Principle #2 – Self-Government: Similar to Europe in the 16th century, the application of “cuius regio eius religio” – governed and governor have to be of the same faith – is a cornerstone to promote secularism, accountability, tolerance, and development. Enabling each “community” to freely choose its own leaders and its governance system within a uniform ensemble (canton) is not only a basic human right, but more importantly the recipe for peace, stability, and prosperity.
Principle #3 – Subsidiarity and Localism: Bottom-up power devolution is the basis for good governance. The smallest political entity is the municipality. Each municipality will be asked to choose its governance model and its cantonal belonging (resulting in cantonal delineation). Furthermore, municipalities shall decide on how and when to combine their resources and “scale up” in order to accomplish “public good”.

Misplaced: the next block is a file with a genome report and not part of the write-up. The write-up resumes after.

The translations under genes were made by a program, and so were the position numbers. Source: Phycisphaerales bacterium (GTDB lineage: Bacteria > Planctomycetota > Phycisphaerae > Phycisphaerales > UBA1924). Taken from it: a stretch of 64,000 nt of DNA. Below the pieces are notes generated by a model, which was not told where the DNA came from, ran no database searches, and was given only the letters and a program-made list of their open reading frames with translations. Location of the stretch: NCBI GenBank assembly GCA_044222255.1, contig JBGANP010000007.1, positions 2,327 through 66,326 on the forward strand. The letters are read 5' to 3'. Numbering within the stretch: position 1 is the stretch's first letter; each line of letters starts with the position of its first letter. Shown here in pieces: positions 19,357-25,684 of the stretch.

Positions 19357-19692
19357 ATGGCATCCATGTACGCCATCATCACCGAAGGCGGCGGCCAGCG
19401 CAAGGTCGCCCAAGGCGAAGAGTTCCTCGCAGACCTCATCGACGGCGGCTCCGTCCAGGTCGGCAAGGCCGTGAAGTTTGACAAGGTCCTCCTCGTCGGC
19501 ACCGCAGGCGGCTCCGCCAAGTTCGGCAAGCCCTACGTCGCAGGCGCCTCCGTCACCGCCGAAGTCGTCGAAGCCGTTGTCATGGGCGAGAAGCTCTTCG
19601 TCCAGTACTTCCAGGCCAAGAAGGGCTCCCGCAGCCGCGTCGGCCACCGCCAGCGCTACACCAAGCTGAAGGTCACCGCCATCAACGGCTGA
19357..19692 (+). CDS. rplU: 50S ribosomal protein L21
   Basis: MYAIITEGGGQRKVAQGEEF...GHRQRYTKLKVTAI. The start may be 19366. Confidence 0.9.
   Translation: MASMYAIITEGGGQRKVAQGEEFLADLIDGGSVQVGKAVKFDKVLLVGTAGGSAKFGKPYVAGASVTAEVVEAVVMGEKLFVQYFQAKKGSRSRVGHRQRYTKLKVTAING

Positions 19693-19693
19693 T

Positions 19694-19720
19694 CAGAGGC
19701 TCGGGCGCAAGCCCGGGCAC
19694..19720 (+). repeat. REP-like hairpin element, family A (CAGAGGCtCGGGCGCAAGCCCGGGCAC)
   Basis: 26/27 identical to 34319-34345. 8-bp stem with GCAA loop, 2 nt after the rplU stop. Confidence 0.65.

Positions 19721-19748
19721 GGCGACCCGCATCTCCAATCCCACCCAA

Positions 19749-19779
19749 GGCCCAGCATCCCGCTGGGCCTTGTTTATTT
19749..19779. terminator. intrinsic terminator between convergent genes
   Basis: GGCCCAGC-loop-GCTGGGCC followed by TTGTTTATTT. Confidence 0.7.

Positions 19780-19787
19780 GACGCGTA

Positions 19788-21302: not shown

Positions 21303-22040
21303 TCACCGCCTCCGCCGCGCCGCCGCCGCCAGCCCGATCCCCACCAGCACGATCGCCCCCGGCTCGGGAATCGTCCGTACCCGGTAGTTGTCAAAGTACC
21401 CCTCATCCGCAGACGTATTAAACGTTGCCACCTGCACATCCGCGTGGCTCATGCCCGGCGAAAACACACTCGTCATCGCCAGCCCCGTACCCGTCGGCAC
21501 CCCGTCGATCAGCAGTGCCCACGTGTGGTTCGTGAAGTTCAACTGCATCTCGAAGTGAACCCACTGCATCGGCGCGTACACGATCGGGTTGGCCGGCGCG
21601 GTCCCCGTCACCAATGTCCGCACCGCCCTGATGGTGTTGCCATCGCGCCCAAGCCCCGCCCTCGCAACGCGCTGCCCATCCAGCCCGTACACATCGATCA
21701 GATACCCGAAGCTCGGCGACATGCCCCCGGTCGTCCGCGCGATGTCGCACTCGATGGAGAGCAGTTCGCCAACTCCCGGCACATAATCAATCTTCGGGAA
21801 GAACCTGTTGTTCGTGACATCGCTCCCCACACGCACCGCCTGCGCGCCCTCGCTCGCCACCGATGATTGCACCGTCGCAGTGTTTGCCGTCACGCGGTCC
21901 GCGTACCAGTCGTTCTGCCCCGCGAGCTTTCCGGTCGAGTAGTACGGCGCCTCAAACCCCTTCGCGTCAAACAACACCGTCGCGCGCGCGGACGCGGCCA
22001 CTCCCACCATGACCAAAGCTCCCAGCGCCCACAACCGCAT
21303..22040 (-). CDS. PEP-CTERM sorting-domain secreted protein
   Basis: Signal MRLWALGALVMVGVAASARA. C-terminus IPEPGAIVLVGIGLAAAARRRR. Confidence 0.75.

Principle #4 – Solidarity: With freedom comes responsibility. With rights come obligations. Therefore, development and wealth creation must be shared. Development of one municipality (or canton), must have a spillover effect to drag along surrounding municipalities as much as possible. This is particularly crucial when the municipalities belong to different cantons.
Principle #5 – Cantonal Sovereignty: Legislative elections are based on cantonal affiliation. No federal elections. Any federal decision that conflicts with cantonal decision is not enforceable on the canton that rejects it. This applies on judicial, legislative, and executive powers.